Functional predictors for communicative and participatory aspects in speech sound disorders (apraxia of speech, aphasic phonological disorders)
Dr. Ingrid Aichert
Funding: Deutsche Forschungsgemeinschaft (DFG), AI 196/1-1
In the field of aphasiology, research interests increasingly focus on the consequences of aphasia on communication in daily life. In contrast, studies on sound production impairments (apraxia of speech, aphasic-phonological disorders) still primarily focus on impairment-based discussions of the phonetic and phonological symptoms and their underlying mechanisms. This project aims to close this research gap by building a bridge between functional aspects on the one hand and aspects of activity and participation on the other hand. The understanding of relations between these different domains also aim to contribute to a more efficient rehabilitation process. Here, the foundation of communicative difficulties of aphasic patients during everyday activity is mainly considered as consequences of the perception of the speech by the environment, especially by the conversation partners. Impacts on the patients’ participation in social and professional life will only serve as a criterion for validating the judgments of the environment.
The overarching goal of the proposed project is to describe the immediate as well as the indirect consequences of the linguistic symptoms (confined to patients with sound production impairments) on the perception of laypersons, who are treated as potential conversation partners. The following subgoals will be pursued:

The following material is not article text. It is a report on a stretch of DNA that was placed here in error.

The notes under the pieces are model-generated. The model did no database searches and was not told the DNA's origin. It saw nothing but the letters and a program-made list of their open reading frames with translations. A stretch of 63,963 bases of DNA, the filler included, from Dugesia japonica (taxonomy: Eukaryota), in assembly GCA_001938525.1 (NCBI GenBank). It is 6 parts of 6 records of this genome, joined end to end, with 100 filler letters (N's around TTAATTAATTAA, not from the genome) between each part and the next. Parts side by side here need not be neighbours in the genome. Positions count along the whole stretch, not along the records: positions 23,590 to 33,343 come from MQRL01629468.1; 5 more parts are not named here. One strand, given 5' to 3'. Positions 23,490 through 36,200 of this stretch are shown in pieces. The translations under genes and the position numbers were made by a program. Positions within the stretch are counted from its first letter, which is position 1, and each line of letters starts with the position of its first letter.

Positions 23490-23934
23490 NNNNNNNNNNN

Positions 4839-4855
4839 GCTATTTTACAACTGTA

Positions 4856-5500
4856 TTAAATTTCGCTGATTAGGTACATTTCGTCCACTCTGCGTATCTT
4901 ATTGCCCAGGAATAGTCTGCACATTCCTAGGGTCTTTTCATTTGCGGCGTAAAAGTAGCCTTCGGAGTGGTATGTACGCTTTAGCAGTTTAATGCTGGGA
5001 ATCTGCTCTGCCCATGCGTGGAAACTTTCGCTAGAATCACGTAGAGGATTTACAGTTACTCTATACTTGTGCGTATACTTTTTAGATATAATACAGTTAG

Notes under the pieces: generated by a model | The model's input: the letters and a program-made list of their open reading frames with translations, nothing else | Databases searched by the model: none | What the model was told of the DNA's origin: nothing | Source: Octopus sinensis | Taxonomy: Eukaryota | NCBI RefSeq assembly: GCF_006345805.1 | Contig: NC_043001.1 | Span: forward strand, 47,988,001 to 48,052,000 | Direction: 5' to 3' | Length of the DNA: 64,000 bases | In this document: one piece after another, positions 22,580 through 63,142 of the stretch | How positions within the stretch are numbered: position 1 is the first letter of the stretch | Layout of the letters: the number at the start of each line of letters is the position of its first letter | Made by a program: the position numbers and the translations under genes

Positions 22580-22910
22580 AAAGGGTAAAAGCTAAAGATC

(1) New methods to investigate communication-related parameters based on the perception of laypersons will be developed and evaluated. On the one hand, the immediate aspects of the perceived utterances are assessed (“proximal level of perception”). These aspects include primarily intelligibility assessments, but also naturalness ratings and the evaluation of communication efficiency scores. On the other hand, attributions and ascriptions, which are implicitly derived from the form of the speech output will be assessed regarding to the domains “cognition and language”, “emotion and behavior” and “personality and social life” (“distal level of perception”).
(2) The proximal and distal parameters in laypersons’ perception of aphasic and apraxic speech results from complex interactions of the linguistic and phonetic symptoms evident in the patients’ speech. The study therefore includes a consideration of speech and language symptoms across all functional dimensions of speaking (i.e., articulation, prosody, voice/respiration and lexicon/syntax).
(3) Moreover, the potential specific speech parameters of apraxic speech responsible for the negative perception of these speakers (i.e., particularly the presence of prosodic impairments and symptoms of increased speech effort) will be investigated.